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Paid family leave support grew during COVID-19, Stanford study finds

Paid family leave support grew during COVID-19, Stanford study finds

In a blow to arguments that a federal paid leave law would harm small businesses, a new study co-authored by Stanford’s Maya Rossin-Slater finds that support for paid leave among small employers is not only strong, but also increased as the pandemic added new strain to the work-life juggle.

“The big roadblock to passing paid family leave legislation is a concern that small businesses are not supportive and that it would be challenging for them,” Rossin-Slater says. “We find that’s not the case.”

The research, released this week by the National Bureau of Economic Research as a working paper, finds that 71 percent of New York and New Jersey employers surveyed during COVID-19 said they backed paid family leave — up from nearly 62 percent in 2019, before the coronavirus outbreak. What’s more, the study finds the jump in support was driven by employers that were previously opposed to the policy, and not just neutral about it.

Rossin-Slater, an associate professor of health policy and a senior fellow at the Stanford Institute for Economic Policy Research (SIEPR), also finds that views about paid family leave became more favorable among employers with at least one worker who used it during the pandemic. Both New York and New Jersey offer the benefit under state law. The employers were also subject to a temporary paid family leave provision that was included in a 2020 federal stimulus package but has since expired.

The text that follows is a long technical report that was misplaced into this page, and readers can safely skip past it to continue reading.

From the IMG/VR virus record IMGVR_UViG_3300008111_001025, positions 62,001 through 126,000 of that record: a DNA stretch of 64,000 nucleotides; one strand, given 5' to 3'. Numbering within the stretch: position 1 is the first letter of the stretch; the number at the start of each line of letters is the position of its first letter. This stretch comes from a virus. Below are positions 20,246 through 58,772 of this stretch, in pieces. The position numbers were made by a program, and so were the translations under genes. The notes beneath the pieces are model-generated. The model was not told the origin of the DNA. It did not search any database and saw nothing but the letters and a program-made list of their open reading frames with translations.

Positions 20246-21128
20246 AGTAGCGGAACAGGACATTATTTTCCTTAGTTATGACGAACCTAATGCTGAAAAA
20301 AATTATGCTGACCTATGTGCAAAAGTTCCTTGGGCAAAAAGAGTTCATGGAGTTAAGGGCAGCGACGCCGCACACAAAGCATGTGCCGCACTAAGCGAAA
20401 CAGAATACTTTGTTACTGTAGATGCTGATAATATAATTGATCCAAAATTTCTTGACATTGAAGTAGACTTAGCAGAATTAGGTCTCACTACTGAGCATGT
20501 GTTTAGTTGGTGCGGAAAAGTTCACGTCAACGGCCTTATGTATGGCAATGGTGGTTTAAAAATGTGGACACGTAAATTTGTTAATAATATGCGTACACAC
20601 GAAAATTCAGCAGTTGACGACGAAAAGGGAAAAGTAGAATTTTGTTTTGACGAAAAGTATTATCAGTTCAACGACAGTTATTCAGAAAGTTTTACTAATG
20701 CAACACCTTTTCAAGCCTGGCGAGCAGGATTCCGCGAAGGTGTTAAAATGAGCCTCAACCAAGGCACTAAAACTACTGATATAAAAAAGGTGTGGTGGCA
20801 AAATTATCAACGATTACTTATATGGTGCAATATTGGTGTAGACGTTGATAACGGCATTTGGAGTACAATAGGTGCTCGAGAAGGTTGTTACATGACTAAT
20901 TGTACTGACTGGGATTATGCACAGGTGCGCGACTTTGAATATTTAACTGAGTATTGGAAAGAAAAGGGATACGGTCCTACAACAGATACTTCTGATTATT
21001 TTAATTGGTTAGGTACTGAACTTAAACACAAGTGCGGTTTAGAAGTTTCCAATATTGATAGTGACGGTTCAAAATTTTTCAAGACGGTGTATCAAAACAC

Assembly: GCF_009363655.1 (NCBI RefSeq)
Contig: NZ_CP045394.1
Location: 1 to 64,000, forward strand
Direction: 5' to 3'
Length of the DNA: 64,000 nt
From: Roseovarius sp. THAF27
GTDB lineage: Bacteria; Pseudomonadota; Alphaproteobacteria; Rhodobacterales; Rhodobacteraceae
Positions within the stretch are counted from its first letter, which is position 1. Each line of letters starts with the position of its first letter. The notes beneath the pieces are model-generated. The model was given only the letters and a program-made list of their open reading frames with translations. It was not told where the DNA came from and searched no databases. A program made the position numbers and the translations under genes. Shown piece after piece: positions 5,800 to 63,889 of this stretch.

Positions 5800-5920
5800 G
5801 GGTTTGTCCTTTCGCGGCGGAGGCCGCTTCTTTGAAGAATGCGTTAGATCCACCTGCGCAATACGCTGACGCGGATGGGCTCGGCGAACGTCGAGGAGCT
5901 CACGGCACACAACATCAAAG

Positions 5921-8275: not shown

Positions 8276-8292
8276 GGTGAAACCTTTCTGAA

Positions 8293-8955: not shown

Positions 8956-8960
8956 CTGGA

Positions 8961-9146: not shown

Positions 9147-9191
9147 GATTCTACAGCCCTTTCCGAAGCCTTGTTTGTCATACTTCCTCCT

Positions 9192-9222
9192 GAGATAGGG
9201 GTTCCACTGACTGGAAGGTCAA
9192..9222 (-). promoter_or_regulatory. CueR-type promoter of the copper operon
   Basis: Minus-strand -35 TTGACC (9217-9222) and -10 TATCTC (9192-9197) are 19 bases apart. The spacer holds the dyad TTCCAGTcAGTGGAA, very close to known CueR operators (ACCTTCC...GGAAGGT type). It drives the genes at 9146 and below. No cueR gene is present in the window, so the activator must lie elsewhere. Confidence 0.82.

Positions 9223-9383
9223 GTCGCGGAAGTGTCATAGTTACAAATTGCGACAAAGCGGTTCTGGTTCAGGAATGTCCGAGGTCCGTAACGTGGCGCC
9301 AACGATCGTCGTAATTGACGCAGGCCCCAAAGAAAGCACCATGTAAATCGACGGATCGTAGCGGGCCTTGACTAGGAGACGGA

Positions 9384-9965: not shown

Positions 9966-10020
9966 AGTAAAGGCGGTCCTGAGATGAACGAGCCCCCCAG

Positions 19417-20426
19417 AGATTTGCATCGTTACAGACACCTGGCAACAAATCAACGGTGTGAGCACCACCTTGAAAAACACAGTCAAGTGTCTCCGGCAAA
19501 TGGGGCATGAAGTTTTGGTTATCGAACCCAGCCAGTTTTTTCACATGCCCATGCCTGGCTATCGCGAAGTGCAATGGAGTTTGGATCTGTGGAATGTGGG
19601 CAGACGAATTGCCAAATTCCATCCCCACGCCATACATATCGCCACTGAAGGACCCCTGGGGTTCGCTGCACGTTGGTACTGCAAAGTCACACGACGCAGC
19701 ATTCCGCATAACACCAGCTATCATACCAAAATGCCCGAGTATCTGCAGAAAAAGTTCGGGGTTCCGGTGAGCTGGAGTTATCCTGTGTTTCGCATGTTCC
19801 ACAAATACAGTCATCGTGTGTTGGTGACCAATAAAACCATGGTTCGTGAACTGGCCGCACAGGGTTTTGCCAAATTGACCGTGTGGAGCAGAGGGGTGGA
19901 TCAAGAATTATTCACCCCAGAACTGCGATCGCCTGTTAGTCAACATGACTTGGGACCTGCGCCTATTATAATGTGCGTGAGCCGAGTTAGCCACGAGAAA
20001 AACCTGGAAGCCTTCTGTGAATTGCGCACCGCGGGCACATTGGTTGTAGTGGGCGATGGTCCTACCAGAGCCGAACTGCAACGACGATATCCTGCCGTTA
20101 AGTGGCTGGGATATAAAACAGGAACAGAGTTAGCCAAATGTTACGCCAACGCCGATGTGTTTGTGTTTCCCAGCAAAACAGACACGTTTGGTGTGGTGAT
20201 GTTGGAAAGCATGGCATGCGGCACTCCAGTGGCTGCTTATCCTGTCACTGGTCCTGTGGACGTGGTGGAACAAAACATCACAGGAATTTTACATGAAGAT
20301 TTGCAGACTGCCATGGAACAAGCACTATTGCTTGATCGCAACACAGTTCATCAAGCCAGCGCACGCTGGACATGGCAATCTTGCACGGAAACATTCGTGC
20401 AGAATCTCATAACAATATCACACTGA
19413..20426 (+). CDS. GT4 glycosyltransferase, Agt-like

The study comes at a critical moment in the years-long, bipartisan effort to pass a federal law providing workers with partially paid leave to take time off to care for family or their own medical issues. The United States is one of six countries without national paid leave — despite polls showing Americans overwhelmingly want it. A plan to offer four weeks of paid leave is part of President Biden’s proposed Build Back Better Act, which the House of Representatives is expected to vote on soon.

Opponents of current and past efforts to pass federal paid leave legislation say that it would be too costly and burdensome, especially for small employers. Rossin-Slater dented that argument in a separate study earlier this year of the impacts of New York’s paid leave policy on select indicators of profitability. She and her co-authors found that small businesses were not adversely affected by the policy on these measures, and actually reported that it was easier to deal with worker’s absences once the policy was in place.

This latest study will be published in a journal of the American Sociological Association, Socius: Sociological Research for a Dynamic World.

Leave-taking led to higher support

The findings are not only timely, but they also provide the strongest evidence yet of how COVID has changed employers’ minds about paid family leave, Rossin-Slater says. Since 2016, she and her co-authors — Ann Bartel, Meredith Slopen, and Jane Waldfogel of Columbia University, and Christopher Ruhm of the University of Virginia — have been surveying employers with 10-99 employees in New York, New Jersey, and Pennsylvania to learn about the effects of paid family leave. As part of their annual questionnaire, they have asked firms in New York and New Jersey to share their overall attitudes toward the policy. This is how they were able to reliably gauge in this latest study how small business owners and managers were feeling about paid leave on the eve of the pandemic.